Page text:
Evelyn Gray of Ragland Road was interviewed for my newspaper column in December of 2000 when she was 83 years old. She lost her battle with cancer a few years later.
Evelyn spent years as a lumber contractor in the Northwest, hiring and firing roughnecks while buying and selling some of the best cedar timber in the world.
The energetic, blue-eyed woman told me that she thought her life experiences would have made a good script for a Hollywood movie. This is her story:
Let’s see. The whole story. I hardly know where to start.
I have pictures of me working; I was getting out cedar, shipping it back East for shingles.
I have pictures of me and my big power saw, and me splitting blocks into 24-inches long and 2 inches wide. You could make two shingles out of each one…
Power saw was heavy. It had a 52-inch blade.
A man brought me a brand-new saw, still in the box. I had a horse and a sled that I used to get the cedar out of the woods. You couldn’t get a truck down over the hill; it took the horse and sled and pulled it out…
I didn’t even have a saw when I started. I was a sub-contractor, but a man who had the contract was making whiskey. He pawned his own saw and left us without anything to work with.
A man told us we’d have another job before dark. We got the contract for the cedar. The logs were in a pond; they’d been in there for 55 years, but they made the prettiest shingles you ever saw.
I took my horse into the pond and sawed the cedar logs; then I’d hook my horse to it and pull it out. Dozens of people in Virginia tried to get it, but the company wouldn’t let them have it. The logs were 40 feet long in the pond; they had given it to the board of education in Seattle. Anybody who got the cedar out had to pay them first. They gave us the contract, and I worked that job for ever so long.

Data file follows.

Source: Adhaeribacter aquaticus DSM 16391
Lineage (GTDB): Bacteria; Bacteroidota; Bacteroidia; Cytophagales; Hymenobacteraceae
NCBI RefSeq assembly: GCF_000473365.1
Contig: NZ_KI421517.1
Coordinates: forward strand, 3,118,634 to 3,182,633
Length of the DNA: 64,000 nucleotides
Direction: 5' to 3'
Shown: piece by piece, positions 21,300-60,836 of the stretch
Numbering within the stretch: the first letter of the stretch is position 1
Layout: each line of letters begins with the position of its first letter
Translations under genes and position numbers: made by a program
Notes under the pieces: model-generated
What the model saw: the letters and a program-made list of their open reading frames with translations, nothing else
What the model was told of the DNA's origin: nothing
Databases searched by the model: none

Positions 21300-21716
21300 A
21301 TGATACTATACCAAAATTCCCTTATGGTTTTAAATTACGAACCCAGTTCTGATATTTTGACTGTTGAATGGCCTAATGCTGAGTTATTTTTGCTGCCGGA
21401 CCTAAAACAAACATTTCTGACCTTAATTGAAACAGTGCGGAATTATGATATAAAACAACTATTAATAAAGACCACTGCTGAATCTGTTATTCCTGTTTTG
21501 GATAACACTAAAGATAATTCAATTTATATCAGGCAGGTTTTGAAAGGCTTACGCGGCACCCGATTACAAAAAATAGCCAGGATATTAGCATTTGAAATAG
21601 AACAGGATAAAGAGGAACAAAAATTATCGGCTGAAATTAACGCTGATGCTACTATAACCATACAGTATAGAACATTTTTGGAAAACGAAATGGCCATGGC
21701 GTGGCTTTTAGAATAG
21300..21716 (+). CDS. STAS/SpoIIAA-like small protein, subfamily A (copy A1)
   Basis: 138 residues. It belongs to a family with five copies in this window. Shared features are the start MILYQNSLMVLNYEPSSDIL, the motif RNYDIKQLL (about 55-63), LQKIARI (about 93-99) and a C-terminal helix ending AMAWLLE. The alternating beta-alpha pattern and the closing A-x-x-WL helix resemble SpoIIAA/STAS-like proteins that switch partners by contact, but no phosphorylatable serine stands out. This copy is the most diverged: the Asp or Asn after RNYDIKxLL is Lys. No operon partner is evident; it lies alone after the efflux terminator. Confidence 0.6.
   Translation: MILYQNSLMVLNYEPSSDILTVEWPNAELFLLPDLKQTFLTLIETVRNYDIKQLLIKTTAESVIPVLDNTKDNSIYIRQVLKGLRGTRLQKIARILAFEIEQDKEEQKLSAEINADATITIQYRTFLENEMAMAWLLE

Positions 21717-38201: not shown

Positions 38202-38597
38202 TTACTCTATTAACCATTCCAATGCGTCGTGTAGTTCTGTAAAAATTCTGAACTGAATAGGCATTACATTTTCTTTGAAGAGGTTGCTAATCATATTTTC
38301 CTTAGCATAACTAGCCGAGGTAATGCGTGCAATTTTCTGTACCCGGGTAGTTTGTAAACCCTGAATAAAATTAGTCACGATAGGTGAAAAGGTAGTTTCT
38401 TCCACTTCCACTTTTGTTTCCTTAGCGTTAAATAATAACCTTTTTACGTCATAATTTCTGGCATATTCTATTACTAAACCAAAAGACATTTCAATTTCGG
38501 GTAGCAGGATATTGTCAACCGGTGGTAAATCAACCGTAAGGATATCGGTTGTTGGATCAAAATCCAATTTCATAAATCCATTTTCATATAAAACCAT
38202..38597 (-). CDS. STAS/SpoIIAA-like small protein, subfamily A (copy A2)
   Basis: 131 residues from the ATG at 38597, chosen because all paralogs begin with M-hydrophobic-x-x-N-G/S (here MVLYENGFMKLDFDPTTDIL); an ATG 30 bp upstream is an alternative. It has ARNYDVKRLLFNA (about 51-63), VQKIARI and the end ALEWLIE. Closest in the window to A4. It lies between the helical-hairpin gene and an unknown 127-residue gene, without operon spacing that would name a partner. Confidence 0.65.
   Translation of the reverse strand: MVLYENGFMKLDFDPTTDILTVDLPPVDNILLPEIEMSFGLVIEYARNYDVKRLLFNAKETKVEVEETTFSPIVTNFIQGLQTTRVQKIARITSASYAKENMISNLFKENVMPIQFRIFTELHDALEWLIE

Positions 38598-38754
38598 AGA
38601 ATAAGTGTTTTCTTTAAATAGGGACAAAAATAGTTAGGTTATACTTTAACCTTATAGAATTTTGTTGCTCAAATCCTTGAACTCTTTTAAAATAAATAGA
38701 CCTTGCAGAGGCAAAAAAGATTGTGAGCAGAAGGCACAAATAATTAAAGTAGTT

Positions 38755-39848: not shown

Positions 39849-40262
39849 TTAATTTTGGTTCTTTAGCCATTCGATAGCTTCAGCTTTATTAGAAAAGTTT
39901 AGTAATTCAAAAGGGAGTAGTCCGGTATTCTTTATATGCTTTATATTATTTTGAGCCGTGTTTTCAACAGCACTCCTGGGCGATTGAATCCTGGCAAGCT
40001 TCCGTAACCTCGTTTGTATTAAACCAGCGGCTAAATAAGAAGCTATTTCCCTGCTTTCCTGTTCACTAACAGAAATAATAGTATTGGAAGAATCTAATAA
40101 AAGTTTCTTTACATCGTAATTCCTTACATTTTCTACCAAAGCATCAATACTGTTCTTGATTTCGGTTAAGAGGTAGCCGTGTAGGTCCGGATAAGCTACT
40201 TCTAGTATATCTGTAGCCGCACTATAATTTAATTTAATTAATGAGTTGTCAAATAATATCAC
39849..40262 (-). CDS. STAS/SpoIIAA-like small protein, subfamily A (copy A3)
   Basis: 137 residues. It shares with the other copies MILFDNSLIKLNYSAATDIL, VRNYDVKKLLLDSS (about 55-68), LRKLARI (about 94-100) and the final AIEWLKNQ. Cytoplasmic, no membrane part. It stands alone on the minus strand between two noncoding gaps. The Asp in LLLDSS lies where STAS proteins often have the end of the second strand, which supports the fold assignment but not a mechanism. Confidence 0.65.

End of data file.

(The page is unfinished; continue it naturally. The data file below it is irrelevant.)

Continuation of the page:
Lord yes, the saw would cut.
People were good to you out there.
My husband got his back broke and he was laid up in Seattle for four years.
I worked the timber industry myself. I had an old man to ride back and forth with me in the truck while I was hauling in case I had a flat.
I was born at Cranberry, near where the bottling plant is today: January 16, 1917. I’m 83 now.
I had good parents; I had a wonderful father; he was a coal miner. He got pneumonia at 39 and died. You had nothing to treat it with back then. My father died on the ninth day after he got sick.
My mother died at 76.
I was married and had one son. He died in March of last year.
My husband got hit with a log in the chest, right over his heart, broke his back. But he died with a tumor where the log had struck him…
He never did recover; his back hurt him till the day he died…
They even used platinum and silver, but it didn’t help.
I come back here and my husband died here…
I was married three times but I outlived all of them.
I had cancer but I think I’m cured. I went through torment, taking those treatments, but I’m OK now. I raise me a little garden, and I try to keep a clean house to live in.
I love to sew, raise a garden, take care of flowers.
I have a few tomatoes set out and some beans coming up.
I can them and give them away.
I like to help people when I can. When I’m gone, everything I own will go to the St. Jude’s Hospital. I love little children, and it breaks my heart to see them suffering…
I walk around some in the yard, but I lie down when I get tired…
Lord yes, I worked hard, but when you look back on it, all work is pretty, least that’s what my parents told me…
Top o’ the morning!